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History of Ancient Rome

Hannibal: Enemy of Rome

I will either find a way or make one.

Hannibal Barca was born in 247 BC in Carthage, on the eastern side of the Lake of Tunis in what is now Tunisia. He was born into an era of war between Carthage and the Roman Republic, who were competing for supremacy in Sicily and North Africa. At the age of twenty-six Hannibal succeeded his father, Hamilcar Barca, as commander of the Carthaginian forces in Spain.
Hannibal made the decision to take the war to Rome and in 218 BC he lead a force which conquered northern Spain. He then entered Gaul (travelling through what is now Southern France) and made the arduous journey across the Alps with 40,000 infantry, 10,000 cavalry and, most famously of all, forty elephants. The conditions proved to be much worse than anyone had anticipated however. Half the Carthaginian force perished in the severe cold, and only one elephant survived the journey.
Arriving in Italy with little more than 24,000 men, Hannibal nevertheless recovered, going on to fight and win three hugely important battles against the Romans.
The Battle of the Trebia (December 218 BC) took place in the flat country of the Province of Piacenza on the left bank of the Trebbia River. Roman general Tiberius Sempronius Longus, allowed himself to be provoked into a frontal assault, failing to see that the cunning strategist Hannibal was luring him into a trap. This resulted in a resounding victory for the Carthaginians, the Romans suffering heavy losses.
The Battle of Lake Trasimene (June 217 BC) remains to this day the largest ambush in military history – the only recorded instance of an entire army waiting to ambush another. Of the initial Roman force of about 30,000 men, more than half were either killed in battle or drowned while trying to escape into the lake. A further 5,000 Romans were captured, while only 2,500 of Hannibal's own men were killed (though hundreds more did die of their wounds after the battle).
The Battle of Cannae (August 216 BC) was an attack by Roman forces upon the Carthaginians. Hannibal had seized the large supply depot at Cannae (South East Italy) placing himself between the Romans and their crucial source of supply. 80,000 Roman soldiers launched an attack against the 40,000 men under Hannibal's command. Less than 15,000 of the Romans survived the battle, and most of those were taken prisoner by Hannibal.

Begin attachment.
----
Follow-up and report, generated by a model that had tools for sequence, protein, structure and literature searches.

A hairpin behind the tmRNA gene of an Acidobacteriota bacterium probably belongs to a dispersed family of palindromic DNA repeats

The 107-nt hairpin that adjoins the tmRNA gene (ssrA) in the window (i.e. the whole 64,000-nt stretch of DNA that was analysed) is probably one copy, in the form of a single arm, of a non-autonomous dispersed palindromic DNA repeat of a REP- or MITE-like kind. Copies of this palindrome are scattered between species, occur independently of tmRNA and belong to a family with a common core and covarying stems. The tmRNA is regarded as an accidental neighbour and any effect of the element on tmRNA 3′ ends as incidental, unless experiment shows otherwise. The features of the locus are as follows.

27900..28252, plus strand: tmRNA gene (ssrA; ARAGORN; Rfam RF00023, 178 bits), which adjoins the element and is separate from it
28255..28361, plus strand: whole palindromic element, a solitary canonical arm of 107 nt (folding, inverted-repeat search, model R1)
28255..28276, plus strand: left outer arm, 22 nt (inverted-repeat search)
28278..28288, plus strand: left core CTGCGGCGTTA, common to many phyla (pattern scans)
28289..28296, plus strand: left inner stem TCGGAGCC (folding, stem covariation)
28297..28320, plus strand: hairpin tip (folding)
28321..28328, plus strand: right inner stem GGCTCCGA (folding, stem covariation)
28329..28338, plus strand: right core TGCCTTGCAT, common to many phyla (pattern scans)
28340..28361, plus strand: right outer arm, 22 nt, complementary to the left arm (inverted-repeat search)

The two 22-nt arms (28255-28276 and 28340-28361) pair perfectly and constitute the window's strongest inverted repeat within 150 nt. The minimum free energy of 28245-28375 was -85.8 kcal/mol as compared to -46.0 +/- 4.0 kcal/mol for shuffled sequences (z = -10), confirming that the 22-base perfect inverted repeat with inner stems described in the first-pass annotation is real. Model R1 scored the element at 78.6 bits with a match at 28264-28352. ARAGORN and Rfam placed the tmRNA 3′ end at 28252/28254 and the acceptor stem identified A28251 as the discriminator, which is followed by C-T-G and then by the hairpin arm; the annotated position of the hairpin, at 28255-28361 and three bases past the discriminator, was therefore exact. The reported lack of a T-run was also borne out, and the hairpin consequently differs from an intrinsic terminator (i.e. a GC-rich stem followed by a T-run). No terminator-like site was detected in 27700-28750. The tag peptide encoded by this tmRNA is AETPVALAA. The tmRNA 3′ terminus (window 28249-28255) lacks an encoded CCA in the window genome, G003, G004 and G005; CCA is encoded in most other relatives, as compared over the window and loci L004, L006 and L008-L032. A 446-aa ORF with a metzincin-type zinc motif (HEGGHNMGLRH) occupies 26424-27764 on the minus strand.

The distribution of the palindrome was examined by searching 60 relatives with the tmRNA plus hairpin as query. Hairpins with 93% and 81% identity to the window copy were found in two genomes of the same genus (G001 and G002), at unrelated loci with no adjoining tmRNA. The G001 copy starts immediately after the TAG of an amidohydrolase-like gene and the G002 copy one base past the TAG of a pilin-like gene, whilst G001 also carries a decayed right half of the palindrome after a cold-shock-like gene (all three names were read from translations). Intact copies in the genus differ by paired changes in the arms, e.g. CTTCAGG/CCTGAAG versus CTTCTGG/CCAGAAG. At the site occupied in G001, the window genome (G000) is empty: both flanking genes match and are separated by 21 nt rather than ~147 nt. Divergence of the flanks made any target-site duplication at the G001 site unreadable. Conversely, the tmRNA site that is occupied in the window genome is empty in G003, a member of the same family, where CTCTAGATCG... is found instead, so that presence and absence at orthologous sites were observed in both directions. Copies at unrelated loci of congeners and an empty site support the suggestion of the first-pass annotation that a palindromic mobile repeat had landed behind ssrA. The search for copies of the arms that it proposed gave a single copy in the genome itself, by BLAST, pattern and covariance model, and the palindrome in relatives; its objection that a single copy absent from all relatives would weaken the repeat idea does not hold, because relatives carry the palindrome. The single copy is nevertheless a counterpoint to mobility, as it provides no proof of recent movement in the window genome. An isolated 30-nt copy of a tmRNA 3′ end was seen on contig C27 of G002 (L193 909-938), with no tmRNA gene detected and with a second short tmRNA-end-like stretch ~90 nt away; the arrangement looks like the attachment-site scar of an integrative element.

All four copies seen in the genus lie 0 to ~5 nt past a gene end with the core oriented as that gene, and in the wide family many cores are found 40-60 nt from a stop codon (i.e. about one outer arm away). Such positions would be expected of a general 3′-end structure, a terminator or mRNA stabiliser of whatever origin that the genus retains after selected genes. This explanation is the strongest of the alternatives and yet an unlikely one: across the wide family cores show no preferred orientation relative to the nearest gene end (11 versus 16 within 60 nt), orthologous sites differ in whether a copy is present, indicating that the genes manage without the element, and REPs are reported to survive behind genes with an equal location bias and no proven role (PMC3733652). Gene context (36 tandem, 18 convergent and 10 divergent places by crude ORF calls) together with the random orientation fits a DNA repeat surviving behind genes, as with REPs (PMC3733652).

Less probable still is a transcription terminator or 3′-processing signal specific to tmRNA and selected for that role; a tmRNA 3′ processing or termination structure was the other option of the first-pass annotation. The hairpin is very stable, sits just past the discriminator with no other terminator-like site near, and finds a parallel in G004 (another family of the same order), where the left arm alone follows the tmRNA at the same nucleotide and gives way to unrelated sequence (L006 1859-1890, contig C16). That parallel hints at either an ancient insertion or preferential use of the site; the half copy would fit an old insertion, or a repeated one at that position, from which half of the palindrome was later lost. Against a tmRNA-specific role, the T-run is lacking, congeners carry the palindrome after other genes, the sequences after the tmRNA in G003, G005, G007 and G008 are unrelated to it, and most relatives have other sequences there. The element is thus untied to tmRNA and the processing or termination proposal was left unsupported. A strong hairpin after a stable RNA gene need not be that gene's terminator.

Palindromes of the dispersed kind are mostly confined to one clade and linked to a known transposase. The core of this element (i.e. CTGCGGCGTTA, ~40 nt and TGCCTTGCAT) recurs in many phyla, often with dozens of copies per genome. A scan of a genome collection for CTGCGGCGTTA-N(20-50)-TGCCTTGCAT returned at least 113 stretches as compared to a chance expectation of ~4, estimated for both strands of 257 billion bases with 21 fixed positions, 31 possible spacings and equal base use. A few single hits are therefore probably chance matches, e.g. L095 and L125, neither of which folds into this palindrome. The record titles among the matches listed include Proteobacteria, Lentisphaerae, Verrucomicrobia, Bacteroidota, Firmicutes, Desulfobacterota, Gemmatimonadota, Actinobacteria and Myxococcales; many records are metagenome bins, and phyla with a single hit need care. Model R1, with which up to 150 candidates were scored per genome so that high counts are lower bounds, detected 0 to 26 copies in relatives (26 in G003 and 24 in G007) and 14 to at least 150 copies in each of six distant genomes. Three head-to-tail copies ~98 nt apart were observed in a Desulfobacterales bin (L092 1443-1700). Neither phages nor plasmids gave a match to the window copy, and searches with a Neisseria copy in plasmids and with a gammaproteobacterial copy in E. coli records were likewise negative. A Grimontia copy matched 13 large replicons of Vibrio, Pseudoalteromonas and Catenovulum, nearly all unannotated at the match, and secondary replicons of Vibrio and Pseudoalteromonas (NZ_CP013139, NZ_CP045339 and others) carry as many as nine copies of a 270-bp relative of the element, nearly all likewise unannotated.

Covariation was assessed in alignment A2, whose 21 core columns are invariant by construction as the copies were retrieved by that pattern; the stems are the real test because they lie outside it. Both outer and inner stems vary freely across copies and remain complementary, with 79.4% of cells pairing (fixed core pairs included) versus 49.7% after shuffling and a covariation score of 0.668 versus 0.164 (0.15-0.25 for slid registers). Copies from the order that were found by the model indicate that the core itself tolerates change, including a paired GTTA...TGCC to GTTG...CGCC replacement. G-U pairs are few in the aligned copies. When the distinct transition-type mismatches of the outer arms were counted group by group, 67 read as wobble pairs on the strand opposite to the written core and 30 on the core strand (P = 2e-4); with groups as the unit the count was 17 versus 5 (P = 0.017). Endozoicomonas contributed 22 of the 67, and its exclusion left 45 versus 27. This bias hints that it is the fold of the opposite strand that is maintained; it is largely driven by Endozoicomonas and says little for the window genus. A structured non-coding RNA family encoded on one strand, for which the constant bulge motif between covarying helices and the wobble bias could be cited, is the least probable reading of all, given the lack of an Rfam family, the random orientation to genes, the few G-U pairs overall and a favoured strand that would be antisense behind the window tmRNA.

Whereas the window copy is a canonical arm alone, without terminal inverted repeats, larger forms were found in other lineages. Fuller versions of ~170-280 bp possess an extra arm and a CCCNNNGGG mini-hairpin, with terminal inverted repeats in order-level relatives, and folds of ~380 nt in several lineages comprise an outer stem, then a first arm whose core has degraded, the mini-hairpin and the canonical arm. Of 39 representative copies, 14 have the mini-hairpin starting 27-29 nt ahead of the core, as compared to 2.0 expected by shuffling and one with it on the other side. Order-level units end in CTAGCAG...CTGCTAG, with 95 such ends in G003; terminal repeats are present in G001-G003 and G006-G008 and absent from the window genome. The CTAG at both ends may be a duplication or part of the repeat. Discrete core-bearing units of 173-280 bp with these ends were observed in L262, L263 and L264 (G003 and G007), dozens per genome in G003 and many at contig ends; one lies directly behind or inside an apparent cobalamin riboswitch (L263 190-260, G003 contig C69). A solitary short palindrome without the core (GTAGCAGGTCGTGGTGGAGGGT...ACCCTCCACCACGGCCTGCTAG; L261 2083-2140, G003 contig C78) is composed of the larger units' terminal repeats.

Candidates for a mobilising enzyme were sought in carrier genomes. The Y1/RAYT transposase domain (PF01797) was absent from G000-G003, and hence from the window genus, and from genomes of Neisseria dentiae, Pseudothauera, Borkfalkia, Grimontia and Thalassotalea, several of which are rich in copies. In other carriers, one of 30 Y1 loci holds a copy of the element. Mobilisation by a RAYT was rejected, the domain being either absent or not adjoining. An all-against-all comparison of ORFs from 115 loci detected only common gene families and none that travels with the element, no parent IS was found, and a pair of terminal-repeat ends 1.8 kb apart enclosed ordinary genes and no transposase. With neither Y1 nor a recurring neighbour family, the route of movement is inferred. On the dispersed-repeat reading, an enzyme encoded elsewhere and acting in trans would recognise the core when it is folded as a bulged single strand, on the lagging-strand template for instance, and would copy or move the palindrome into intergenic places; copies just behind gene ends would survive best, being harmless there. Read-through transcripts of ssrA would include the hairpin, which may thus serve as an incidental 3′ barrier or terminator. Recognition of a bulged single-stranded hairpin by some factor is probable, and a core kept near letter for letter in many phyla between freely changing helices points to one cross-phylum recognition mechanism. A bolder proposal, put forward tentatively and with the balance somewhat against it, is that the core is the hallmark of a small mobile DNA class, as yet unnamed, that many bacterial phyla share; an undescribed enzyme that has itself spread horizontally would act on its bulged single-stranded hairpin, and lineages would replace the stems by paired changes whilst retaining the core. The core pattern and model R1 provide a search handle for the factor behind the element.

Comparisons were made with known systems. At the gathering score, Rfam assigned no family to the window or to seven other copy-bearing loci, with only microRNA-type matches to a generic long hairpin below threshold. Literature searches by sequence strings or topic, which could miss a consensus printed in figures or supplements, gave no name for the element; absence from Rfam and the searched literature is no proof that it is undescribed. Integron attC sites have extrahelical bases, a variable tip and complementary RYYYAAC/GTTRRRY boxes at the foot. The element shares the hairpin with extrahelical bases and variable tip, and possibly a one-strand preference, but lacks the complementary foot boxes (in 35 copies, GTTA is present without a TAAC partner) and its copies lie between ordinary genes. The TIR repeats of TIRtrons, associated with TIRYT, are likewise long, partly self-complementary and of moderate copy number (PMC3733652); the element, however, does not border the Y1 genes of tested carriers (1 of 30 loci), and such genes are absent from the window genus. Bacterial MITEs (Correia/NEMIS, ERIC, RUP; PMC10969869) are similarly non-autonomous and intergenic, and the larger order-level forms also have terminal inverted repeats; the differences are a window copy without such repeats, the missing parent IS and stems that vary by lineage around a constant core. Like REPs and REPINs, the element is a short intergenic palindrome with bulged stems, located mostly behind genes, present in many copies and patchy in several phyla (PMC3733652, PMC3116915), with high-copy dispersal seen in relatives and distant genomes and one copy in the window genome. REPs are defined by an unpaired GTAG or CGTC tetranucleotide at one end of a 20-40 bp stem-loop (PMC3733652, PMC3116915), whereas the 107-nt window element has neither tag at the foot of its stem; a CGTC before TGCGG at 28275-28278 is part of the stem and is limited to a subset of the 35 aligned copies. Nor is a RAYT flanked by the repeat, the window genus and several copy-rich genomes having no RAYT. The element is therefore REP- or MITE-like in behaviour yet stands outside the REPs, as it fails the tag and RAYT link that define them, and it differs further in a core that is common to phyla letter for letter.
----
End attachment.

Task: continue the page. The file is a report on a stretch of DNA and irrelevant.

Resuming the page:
Despite remaining in Italy for more than ten years however, Hannibal's army never grew large enough to threaten Rome directly. One Roman who had survived both Trebia, and Cannae was Publius Cornelius Scipio Africanus. Scipio hated the Carthaginianas and Hannibal, having lost his father, uncle, and would-be father-in- law in the battles. In 204 BC Scipio, now a revered Roman general, took an army by sea and landed at Utica (in modern day Tunisia). There they defeated the Carthaginian army at the Battle of the Great Plains. The Carthaginian senate promptly recalled Hannibal from Italy.
At The Battle of Zama (October 202 BC) Hannibal's forces met with those of Scipio on the plains of Zama Regia, eighty miles south-west of Tunis. Hannibal's army consisted of 35,000 infantry, 5,000 cavalry, and 80 war elephants, while Scipio had a total of 30,000 infantry and 6,000 cavalry. Scipio was a great strategist and knew that elephants could be ordered to charge forward, but they could only continue their charge in a straight line, exposing Hannibal's forces to attack. As a result half of Hannibal’s men were killed outright, the remaining taken as prisoners. The Romans, on the other hand, suffered as few as 2,500 casualties. It was a humiliating defeat for Hannibal and one that marked the end of that war (known now as the Second Punic War) between Carthage and Rome.
1. Some say the lone surviving elephant from the trek was used by Hannibal to ride in triumph into the Italian city of Capua after he and his army captured it in 212 BC.
2. In 1959 British engineer John Hoyte led an experimental archaeology expedition that tried to re-enact aspects of Hannibal's legendary crossing of the Alps. The British Alpine Hannibal Expedition took the female Asian elephant, Jumbo, provided by a zoo in Turin, from France over the Col du Mont Cenis into Italy. Jumbo wore special shoes, made by Lotus of Northampton, to protect her feet. The shoes can been seen on display at the Northampton Shoe Museum today.
3. After his defeat at Zama Hannibal went into voluntary exile. Even so he continued to act as a military commander and adviser for the likes of the Greek Seleucid Empire, and Prusias I of Bithynia who was engaged in warfare with Rome's ally King Eumenes II of Pergamon.
4. Hannibal's youngest brother Mago Barca also played a major part in the Second Punic War. After Cannae, Mago was sent to Spain to fight alongside his older brother, Hasdrubal (who was tragically killed in battle). Mago then led a third Carthaginian invasion of Italy. In spring 205 BC Mago made the journey, by sea, from Minorca to the Ligurian coast with thirty ships and 15,000 men. They took Genoa and Savona and, after receiving reinforcements, occupied for three years.